The Art of the Nanny Resume –
Part 2: Skills That Matter
by Donna Shannon
In any resume, the skills section plays an important role. In the corporate world, this is a great section to land key words to get past the HR departments’ screeners, while letting hiring managers see a list of your potential. In private service, we don’t have to cater to the screeners as much, but the employers still like to see a simple, direct listing of skills to assess if you are right for their family.
However, many nannies have a difficult time putting together a comprehensive list of their skills. Part of the problem is recognizing an innate ability as a marketable skill.
For example, it may be second nature to you to create a consistent schedule for young children, or to pack plenty of activities for a long trip. Yet for many employers, this is the type of specific help that they need. Whether they have thought of the skill set or not, seeing yours listed helps them realize everything you can do to benefit their children and make their lives easier.
Skills to Include
Since it can be difficult to think of skills, consider these questions:
- How old were the children you cared for? Are there any ages that you specialize in, such as newborns or school-age children?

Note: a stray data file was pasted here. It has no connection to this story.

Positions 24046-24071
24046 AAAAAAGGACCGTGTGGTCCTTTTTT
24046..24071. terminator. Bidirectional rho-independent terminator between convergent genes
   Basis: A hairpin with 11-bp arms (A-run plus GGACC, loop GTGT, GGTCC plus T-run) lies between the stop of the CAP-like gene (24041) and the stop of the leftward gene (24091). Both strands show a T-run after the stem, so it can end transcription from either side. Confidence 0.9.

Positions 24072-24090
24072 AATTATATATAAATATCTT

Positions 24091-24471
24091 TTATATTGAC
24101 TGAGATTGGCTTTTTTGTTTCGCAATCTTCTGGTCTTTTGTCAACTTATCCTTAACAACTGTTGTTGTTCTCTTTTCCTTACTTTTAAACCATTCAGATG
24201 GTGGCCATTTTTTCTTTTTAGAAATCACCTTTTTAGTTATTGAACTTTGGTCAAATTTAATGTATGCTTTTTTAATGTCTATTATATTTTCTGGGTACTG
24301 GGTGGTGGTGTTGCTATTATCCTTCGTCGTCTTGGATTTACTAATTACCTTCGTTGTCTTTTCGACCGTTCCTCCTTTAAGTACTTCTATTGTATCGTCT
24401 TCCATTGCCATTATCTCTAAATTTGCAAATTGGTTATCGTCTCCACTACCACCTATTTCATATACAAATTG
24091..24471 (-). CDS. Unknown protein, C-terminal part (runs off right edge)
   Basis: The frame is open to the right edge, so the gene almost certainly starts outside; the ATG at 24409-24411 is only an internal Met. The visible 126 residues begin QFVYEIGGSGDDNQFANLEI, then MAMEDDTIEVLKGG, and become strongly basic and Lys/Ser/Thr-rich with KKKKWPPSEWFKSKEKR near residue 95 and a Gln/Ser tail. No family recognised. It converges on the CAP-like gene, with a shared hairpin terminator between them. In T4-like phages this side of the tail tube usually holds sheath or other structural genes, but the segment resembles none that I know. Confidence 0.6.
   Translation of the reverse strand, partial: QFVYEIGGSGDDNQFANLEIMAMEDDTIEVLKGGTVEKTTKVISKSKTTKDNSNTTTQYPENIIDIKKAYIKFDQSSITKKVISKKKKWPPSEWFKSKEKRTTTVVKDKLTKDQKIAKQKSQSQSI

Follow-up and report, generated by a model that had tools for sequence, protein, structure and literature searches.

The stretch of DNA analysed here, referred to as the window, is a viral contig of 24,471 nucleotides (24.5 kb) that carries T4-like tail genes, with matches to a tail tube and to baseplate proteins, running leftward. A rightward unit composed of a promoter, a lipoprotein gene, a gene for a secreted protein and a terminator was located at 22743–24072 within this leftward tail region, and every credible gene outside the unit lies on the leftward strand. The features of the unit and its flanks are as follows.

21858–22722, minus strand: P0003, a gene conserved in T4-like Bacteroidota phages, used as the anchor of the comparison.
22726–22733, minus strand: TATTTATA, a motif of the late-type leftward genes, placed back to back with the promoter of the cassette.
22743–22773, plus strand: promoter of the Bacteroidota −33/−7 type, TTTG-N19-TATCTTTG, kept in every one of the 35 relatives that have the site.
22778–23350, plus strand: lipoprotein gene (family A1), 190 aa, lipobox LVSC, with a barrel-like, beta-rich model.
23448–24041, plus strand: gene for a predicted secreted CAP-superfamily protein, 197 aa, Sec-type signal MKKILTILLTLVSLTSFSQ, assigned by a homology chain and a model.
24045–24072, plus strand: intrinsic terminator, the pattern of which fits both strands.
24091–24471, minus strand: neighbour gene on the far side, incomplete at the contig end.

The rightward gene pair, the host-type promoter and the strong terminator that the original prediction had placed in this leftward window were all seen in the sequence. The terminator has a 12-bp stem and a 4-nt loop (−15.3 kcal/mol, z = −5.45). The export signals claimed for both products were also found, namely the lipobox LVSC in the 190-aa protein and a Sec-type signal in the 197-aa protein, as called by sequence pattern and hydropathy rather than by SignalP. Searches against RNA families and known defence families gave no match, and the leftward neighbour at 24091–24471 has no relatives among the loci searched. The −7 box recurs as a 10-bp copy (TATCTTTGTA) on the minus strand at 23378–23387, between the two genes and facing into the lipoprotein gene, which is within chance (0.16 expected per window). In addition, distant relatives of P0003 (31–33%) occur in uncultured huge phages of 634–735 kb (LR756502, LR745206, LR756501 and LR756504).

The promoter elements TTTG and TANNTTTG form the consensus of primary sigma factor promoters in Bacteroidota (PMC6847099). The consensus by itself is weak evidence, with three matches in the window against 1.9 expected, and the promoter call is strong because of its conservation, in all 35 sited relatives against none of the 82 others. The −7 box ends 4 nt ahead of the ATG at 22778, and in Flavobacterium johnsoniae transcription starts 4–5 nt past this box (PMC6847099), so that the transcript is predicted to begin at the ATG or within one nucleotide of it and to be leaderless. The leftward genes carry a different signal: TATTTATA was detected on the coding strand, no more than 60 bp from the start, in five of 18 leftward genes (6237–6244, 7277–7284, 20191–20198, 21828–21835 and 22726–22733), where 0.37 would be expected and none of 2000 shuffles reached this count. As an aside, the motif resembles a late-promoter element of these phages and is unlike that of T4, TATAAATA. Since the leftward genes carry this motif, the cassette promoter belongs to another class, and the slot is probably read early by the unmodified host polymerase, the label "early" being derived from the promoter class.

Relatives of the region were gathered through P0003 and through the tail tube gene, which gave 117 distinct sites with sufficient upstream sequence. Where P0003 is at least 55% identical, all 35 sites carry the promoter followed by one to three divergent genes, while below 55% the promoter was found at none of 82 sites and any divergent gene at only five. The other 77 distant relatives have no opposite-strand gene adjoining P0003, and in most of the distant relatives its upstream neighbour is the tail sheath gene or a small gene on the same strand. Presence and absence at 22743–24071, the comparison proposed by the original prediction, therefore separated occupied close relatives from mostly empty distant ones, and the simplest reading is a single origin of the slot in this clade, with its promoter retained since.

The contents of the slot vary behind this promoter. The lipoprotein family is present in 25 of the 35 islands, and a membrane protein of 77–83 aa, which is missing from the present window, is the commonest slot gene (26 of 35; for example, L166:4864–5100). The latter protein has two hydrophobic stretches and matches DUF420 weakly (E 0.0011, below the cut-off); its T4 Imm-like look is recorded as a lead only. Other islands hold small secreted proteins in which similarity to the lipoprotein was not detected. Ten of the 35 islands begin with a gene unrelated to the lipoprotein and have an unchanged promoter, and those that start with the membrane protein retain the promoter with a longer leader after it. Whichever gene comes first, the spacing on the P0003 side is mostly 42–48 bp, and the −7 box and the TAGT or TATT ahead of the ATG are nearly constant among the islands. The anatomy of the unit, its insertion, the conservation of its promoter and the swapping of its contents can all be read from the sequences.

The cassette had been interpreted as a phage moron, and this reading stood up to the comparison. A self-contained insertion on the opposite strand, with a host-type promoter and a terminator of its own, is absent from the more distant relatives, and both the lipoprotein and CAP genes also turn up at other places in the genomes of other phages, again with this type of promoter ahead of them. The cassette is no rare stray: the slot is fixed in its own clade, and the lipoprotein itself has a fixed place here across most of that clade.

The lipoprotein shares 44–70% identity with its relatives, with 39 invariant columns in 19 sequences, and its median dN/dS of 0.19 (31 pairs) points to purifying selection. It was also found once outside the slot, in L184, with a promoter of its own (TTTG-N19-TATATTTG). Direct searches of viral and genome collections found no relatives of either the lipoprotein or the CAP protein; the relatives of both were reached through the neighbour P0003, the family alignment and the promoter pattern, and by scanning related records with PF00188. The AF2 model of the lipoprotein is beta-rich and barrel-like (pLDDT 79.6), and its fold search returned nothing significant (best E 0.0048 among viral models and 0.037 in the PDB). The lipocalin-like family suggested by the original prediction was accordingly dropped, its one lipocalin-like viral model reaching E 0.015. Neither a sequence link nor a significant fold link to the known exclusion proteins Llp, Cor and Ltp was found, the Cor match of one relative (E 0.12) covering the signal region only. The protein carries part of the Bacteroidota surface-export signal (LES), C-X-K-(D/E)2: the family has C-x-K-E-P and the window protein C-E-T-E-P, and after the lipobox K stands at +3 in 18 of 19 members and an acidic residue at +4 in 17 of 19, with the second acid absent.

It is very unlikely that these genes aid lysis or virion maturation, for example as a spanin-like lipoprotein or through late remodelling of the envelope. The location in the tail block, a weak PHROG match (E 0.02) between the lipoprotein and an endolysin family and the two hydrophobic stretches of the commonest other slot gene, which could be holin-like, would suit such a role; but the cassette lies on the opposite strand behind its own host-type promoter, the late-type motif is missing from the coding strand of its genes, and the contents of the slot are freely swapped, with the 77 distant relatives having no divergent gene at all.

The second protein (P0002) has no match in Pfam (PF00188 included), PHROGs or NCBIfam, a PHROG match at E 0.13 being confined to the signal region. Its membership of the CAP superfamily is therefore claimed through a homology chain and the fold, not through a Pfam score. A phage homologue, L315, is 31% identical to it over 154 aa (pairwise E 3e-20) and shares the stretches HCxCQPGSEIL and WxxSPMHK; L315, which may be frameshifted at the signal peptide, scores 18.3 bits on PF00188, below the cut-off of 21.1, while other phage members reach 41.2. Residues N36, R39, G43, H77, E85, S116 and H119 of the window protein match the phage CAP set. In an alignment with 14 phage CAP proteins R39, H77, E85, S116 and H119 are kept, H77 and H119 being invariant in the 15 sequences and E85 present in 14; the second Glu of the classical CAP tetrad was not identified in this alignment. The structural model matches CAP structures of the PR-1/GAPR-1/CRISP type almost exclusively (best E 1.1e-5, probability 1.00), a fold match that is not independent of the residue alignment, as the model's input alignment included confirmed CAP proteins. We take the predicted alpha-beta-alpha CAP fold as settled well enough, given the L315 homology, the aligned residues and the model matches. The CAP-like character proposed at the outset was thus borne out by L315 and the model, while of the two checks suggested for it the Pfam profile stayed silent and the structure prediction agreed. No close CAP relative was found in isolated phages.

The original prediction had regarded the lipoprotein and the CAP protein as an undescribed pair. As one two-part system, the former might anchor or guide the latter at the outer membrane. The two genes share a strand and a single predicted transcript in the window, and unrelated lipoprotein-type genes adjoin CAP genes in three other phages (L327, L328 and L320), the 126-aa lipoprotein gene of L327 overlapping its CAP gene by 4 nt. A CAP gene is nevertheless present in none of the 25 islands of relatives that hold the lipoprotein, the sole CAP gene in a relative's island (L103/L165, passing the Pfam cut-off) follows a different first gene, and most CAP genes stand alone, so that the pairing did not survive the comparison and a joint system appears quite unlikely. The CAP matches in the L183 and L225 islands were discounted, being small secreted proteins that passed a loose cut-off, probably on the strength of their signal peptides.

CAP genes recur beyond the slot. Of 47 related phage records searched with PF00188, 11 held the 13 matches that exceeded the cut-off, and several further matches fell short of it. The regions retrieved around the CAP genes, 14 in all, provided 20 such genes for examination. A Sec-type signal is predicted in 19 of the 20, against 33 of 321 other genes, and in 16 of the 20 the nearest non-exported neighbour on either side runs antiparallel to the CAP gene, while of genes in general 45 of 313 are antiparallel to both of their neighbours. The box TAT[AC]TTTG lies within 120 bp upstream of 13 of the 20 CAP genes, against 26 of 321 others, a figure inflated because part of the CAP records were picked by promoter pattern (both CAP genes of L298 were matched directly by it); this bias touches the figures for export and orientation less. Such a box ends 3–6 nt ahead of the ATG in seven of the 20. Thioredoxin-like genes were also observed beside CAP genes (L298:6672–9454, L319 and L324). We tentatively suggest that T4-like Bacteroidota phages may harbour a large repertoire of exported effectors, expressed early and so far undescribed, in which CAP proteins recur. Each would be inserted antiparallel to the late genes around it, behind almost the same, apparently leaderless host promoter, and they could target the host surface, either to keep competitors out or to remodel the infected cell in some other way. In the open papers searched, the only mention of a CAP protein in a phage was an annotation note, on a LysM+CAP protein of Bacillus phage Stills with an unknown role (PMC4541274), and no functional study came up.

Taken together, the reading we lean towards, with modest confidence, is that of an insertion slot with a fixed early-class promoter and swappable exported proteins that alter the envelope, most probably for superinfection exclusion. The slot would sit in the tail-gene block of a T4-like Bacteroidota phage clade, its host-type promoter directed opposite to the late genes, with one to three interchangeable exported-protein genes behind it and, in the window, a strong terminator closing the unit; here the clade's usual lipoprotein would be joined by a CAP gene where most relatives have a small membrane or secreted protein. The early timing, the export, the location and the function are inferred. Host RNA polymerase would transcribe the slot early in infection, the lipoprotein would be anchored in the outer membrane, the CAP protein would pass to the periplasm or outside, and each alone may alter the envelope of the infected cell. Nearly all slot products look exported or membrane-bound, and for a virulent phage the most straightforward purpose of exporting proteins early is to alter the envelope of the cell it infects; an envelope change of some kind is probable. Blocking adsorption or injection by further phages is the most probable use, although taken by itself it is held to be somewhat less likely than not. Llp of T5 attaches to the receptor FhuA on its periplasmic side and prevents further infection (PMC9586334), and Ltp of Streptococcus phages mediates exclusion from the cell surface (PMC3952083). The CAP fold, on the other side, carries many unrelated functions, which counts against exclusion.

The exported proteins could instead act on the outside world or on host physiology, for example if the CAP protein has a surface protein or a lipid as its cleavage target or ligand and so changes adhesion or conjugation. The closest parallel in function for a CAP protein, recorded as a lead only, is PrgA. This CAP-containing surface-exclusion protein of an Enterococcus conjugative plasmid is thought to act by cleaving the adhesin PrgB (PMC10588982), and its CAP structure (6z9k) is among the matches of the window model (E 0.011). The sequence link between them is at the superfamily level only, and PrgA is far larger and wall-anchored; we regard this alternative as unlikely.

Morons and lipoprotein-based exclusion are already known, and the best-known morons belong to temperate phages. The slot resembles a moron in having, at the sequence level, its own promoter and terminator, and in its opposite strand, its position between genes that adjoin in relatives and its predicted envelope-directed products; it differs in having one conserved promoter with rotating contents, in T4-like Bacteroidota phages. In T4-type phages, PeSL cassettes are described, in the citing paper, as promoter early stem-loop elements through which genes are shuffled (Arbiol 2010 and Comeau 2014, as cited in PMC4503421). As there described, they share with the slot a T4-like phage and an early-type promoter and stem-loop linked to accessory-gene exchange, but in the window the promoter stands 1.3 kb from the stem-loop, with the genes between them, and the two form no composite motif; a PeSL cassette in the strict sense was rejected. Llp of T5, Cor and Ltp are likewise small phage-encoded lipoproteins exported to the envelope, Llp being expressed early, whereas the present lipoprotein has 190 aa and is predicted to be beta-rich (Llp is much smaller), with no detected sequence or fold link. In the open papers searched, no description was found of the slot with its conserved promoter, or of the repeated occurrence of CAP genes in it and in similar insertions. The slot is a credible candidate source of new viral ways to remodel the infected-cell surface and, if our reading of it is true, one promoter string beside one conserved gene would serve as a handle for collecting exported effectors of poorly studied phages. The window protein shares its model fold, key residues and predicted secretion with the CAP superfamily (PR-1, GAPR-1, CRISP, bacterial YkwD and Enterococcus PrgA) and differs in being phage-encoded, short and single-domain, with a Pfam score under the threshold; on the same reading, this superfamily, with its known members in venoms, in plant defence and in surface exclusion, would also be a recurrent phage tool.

- What safety precautions did you create for the household?
- Are you First Aid/ Emergency Response certified?
- Did you help with any of the household cleaning or laundry?
- Did you make the children’s meals? What style of cooking was your specialty? Are you willing to make meals for the entire family?
- Did you drive the children to appointments?
- Were you in charge of the children’s or family’s calendars?
- Did you travel with the family?
- What are some of your favorite activities for children?
- How do you help the children learn and develop?
Tips for Skills
When creating your skills set for your resume, remember that this is meant to be read as a list. As such, keep the descriptions brief, usually 3-4 words per bullet point. Keep the writing interesting. Most importantly, if you did do something in the past but do NOT want to include it in your future duties – such as cooking or cleaning – do NOT list them in your skills! This would lead to a faulty assumption on the future employers’ part.
NEXT – Experience Put Into Perspective
The next article in this series will not run for 2 weeks. At that time we will run 4 articles in succession. In the meantime, if you are in the process of a job search you can utilize this time to work on your background, your personal style and your passion statement. You can also think about your skills and how you apply them to your job.
We will be giving away a copy of Donna Shannon’s book “Get a Job Without Going Crazy” the first week in February. We will be drawing a name from those who make comments on the blog. Details to come. So be sure and leave your comments on the blog.
About the Author
Donna Shannon, a former recruiter and president of Coyote Visions, helps job seekers land their dream jobs with practical advice and guidance. She is one of the few resume writers in the United States that offers comprehensive private service resumes. Her book, “Get a Job Without Going Crazy,” is available on Amazon.com